Damsel Under Stress (Enchanted, Inc. #3)


“I don’t think I’m a snob, and it’s not like I’m ashamed to take him with me to work functions, but I’m not sure I can stay with him. I just think we’re fundamentally incompatible on a long-term basis. I’m a grown-up, and he’s like an overgrown frat boy. Do I sound horrible?”

“No. You sound sensible,” Ethelinda said. “If you’re not happy, then there’s no need to keep at it. It’s not as though you’re married.” Which was pretty much what I’d planned to say. Why could Ethelinda give such sane advice to my friend when she only messed things up for me?

“Gemma would say I’m avoiding intimacy, that I’m not letting anything into my life that’s not in perfect order.”

“Then Gemma can go out with him. It’s your life,” I said.

“I’m not convinced you’re meant to be together,” Ethelinda said.

Marcia sighed, and I could practically see the tension leaving her body. “I’m glad you see it that way, because I broke up with him last night. I guess that means I’m the fifth wheel for the New Year’s Eve party, since I’ll be going solo. But don’t tell Gemma yet, okay? I know she’d say I should at least have a date for New Year’s Eve.” She chuckled. “It does make me sound like a man, breaking up right before a major holiday.”

“But it also means you really didn’t want to be with him, if you were willing to go dateless at New Year’s,” I said.

“True. And did you say that gorgeous friend of yours is going to be at the party?”

It took me a second to realize who she was talking about, since I normally didn’t think of Rod as gorgeous. “Oh, yeah, he’s the one hosting it.”

“Is he seeing anyone?”

“Uh, Manhattan? And maybe even some of the outer boroughs. Oh, and definitely a few foreign airline flight crews. He’s kind of a player. I love him to death as a friend, but I’m not sure I’d encourage anyone I cared about to date him. It would be a recipe for heartbreak if you actually liked him enough to want to go out with him more than once or twice.”

“He’s going through a phase,” Ethelinda said. “A phase he should have outgrown by now, but I don’t believe it reflects his true personality. Still, he may not be ready yet to move out of that phase.” There she went again with the sane advice.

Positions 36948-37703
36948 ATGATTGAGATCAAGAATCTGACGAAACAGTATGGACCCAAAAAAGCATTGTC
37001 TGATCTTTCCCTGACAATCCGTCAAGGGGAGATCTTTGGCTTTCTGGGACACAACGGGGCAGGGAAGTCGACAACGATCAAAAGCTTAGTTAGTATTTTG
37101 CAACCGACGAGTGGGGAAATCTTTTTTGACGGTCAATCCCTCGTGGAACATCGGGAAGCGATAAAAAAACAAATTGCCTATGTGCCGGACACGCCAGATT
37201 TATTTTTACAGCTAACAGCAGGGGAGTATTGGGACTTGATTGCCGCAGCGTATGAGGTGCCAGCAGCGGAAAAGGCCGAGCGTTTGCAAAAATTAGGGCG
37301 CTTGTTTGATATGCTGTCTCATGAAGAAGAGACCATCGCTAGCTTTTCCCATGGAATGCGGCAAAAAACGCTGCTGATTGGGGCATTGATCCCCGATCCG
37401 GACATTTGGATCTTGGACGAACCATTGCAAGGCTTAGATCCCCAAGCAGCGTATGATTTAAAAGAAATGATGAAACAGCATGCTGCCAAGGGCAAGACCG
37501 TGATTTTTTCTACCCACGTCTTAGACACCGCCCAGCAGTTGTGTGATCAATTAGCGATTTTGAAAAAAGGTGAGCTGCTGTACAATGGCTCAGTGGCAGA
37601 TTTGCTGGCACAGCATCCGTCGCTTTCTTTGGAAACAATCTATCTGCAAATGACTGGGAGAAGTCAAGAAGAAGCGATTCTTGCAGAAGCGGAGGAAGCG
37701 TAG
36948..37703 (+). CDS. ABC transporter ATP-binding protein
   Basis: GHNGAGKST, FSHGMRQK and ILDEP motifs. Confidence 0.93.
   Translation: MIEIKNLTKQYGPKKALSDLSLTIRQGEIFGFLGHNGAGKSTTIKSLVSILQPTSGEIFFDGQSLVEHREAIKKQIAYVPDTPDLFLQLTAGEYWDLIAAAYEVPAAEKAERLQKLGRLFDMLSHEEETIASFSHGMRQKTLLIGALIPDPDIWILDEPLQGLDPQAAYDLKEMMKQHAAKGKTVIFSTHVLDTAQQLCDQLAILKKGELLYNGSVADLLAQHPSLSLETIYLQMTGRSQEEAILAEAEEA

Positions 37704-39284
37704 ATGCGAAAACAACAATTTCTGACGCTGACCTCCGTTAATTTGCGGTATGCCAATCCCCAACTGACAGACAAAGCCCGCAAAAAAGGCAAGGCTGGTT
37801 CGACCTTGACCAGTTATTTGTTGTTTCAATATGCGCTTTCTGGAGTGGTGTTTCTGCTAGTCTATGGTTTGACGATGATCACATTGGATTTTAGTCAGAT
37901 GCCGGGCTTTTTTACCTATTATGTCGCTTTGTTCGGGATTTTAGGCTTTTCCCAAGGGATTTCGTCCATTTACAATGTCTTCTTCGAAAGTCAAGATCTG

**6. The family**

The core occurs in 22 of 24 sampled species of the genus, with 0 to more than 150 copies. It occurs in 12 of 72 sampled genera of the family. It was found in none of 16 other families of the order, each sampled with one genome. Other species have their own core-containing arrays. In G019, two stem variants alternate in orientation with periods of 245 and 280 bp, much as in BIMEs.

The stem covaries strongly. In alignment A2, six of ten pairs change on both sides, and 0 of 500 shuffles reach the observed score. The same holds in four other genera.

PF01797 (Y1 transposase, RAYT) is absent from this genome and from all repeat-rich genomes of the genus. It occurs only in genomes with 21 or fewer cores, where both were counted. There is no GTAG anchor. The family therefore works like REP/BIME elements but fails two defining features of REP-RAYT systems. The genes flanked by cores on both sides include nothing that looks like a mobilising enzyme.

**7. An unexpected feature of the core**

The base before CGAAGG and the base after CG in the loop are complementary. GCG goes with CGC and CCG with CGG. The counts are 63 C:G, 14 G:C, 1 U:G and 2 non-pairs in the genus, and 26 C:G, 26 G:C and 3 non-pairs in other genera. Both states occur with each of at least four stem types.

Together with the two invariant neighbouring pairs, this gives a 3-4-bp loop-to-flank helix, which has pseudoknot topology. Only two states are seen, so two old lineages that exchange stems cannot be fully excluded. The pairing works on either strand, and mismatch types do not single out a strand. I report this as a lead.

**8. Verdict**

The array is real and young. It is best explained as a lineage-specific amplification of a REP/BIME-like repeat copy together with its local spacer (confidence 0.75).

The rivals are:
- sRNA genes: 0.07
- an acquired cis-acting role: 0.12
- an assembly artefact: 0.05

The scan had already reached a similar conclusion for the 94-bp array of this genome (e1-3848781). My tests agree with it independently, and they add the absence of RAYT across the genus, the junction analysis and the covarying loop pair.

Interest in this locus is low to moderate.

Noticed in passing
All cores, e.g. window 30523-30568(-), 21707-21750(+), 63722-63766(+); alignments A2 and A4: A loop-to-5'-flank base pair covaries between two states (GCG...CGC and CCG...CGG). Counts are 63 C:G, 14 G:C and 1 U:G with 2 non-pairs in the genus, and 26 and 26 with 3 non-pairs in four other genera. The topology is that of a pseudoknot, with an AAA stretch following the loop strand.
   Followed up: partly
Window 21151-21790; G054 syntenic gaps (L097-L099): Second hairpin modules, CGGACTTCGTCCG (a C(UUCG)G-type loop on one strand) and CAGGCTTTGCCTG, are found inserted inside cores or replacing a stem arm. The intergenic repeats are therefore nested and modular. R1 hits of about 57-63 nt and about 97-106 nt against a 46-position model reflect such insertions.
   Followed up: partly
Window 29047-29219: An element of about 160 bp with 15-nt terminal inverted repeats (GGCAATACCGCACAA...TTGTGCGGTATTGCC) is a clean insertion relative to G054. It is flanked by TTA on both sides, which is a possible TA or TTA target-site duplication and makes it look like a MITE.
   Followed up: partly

Marcia twirled her hair around her finger. “Hmm. Sounds like a challenge.”

“Don’t say I didn’t warn you.” I looked up, and wouldn’t you know it, Rod was walking through the door. There had to be some unconscious spell that made the person you were talking about show up, it happened so often. “Speak of the devil,” I muttered.

“Why, what a coincidence!” Ethelinda said gleefully. “Here that very young man is.”

Marcia turned to look, and while her back was to the table, Ethelinda waved her hand and a soup-and-salad lunch for four appeared. Rod saw me and came straight to our table. “How are you ladies today?” he said smoothly. Marcia batted her eyelashes at him flirtatiously, and I tried not to gag.

“Just great. Marcia, you remember Rod, don’t you? And this is Ethel. I was just telling Marcia that she’s like the fairy godmother of the office.” I gave the words “fairy godmother” particular stress and hoped he’d sense her magic and figure it out.

“Yeah, that’s what we say,” Rod said, giving me a sly wink and the barest hint of a nod.

“Won’t you join us for lunch?” Ethelinda said. “We already have food for you.”

“Hey, when did that get there?” Marcia asked.

I shrugged. “The waitress brought it when you weren’t looking.” At that moment, the waitress came out of the kitchen with a tray, saw our table, frowned, and went back into the kitchen. The sound of raised voices filtered into the dining room as the kitchen door swung in and out.

“What romantic advice have you been giving?” Rod asked Ethelinda. I wondered if it was my imagination, or if he’d done something to alter his illusion. He was still very handsome, but it didn’t seem quite so over-the-top as it usually was. Maybe I was getting used to it, or maybe the contrast with his usual appearance wasn’t so strong now that he was making an effort.

“Marcia here has decided to break up with her boyfriend,” Ethelinda said smugly, as though it had been her idea. I was getting the feeling that Cinderella and her prince had already worked things out, and it was in spite of the glass slippers and pumpkin coach rather than because of these things that they got together, while Ethelinda took credit and coasted on that laurel for centuries.